Williams provided an intellect and a menace to the Penguin that made him an eminently unique adversary, and one of the highlights of that show overall. Props are also owed to voice actor Nolan North's unique conception of the Penguin in the interactive medium, where he voiced a vicious, cockney-accented version of the crime boss in the Batman: Arkham video games.
Could the Penguin Fit Into the DCEU?
There's not much of a question surrounding the idea that the Penguin could most definitely use a little more TLC in terms of properly adapting him in live-action and the DCEU would likely be the perfect place to do that. However, it's also pretty easy to imagine that the idea of the Penguin returning to the realm of the Batman feature films may come with some collective groans from movie audiences, considering that, comparatively, we've seen the Penguin a lot more than other, less utilized Batman villains.
If the Penguin is considered to be a primary antagonist in the Birds of Prey film, that may go over better with audiences than a fully-fledged presence as the major villain in the next solo Batman movie. But that's not to say that he couldn't return to being the main villain against the Dark Knight himself, if two major things happen:
1) Adapt the character as he is in modern comics: two major stories come to mind in terms of providing a really solid roadmap to adapting the very real threat that the Penguin can represent in Batman's world, at his best. "He Who Laughs Last...!" was the title of a story from a one-shot published in 2008 as Joker's Asylum: Penguin #1. Written by current high-profile Marvel writer Jason Aaron with artwork by Jason Pearson, that story did a wonderful job of painting a somewhat sympathetic picture of young Oswald Cobblepot before delving deeply into what makes him vicious, sadistic and deadly.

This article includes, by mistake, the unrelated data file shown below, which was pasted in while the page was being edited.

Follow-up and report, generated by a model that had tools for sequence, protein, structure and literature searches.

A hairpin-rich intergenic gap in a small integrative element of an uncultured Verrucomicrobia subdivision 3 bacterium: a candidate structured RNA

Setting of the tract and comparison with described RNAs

The other story is a five-issue mini-series from 2011 called Penguin: Pain and Prejudice, written by Gregg Hurwitz with beautiful painted art by Szymon Kudranski. Aspects of Oswald's character on Gotham are partially inspired by this story, concerning the relationship between he and his mother, but the comic book story takes things significantly further by putting a solid emphasis on Oswald's obsessiveness, his attachment, and most importantly, what actually makes a squat, overweight man in a top hat a worthy adversary of the World's Greatest Detective.
These two stories would be a great roadmap toward giving the Penguin an adaptive treatment that he most definitely deserves.
2) Cast an actor that gets peoples' attention: perhaps the most pivotal element needed to get people excited about the Penguin, finding an actor who can provide the proper weight, truthfulness, and menace that those above-mentioned stories perpetuate would be key to carving out a more truthful, positive cinematic legacy for the character alongside some of Batman's more cinemaically well-regarded adversaries.
These two factors would likely go a long way toward making the Penguin become a viable presence in future DC Comics films, by making him threatening and interesting. What do you think? Does the idea of more Penguin in a future Batman movie excite you? Be sure to leave a comment and chime in, and we'll see you with a new Comics on Film next week!

Chris Clow is a comics expert/former retailer, and pop culture critic/commentator. He hosts two podcasts: Discovery Debrief: A Star Trek Podcast and Comics on Consoles. Find his column "Comics on Film" weekly at, and follow along on Twitter @ChrisClow.

Categories: Comics, Features, Geek, Editorials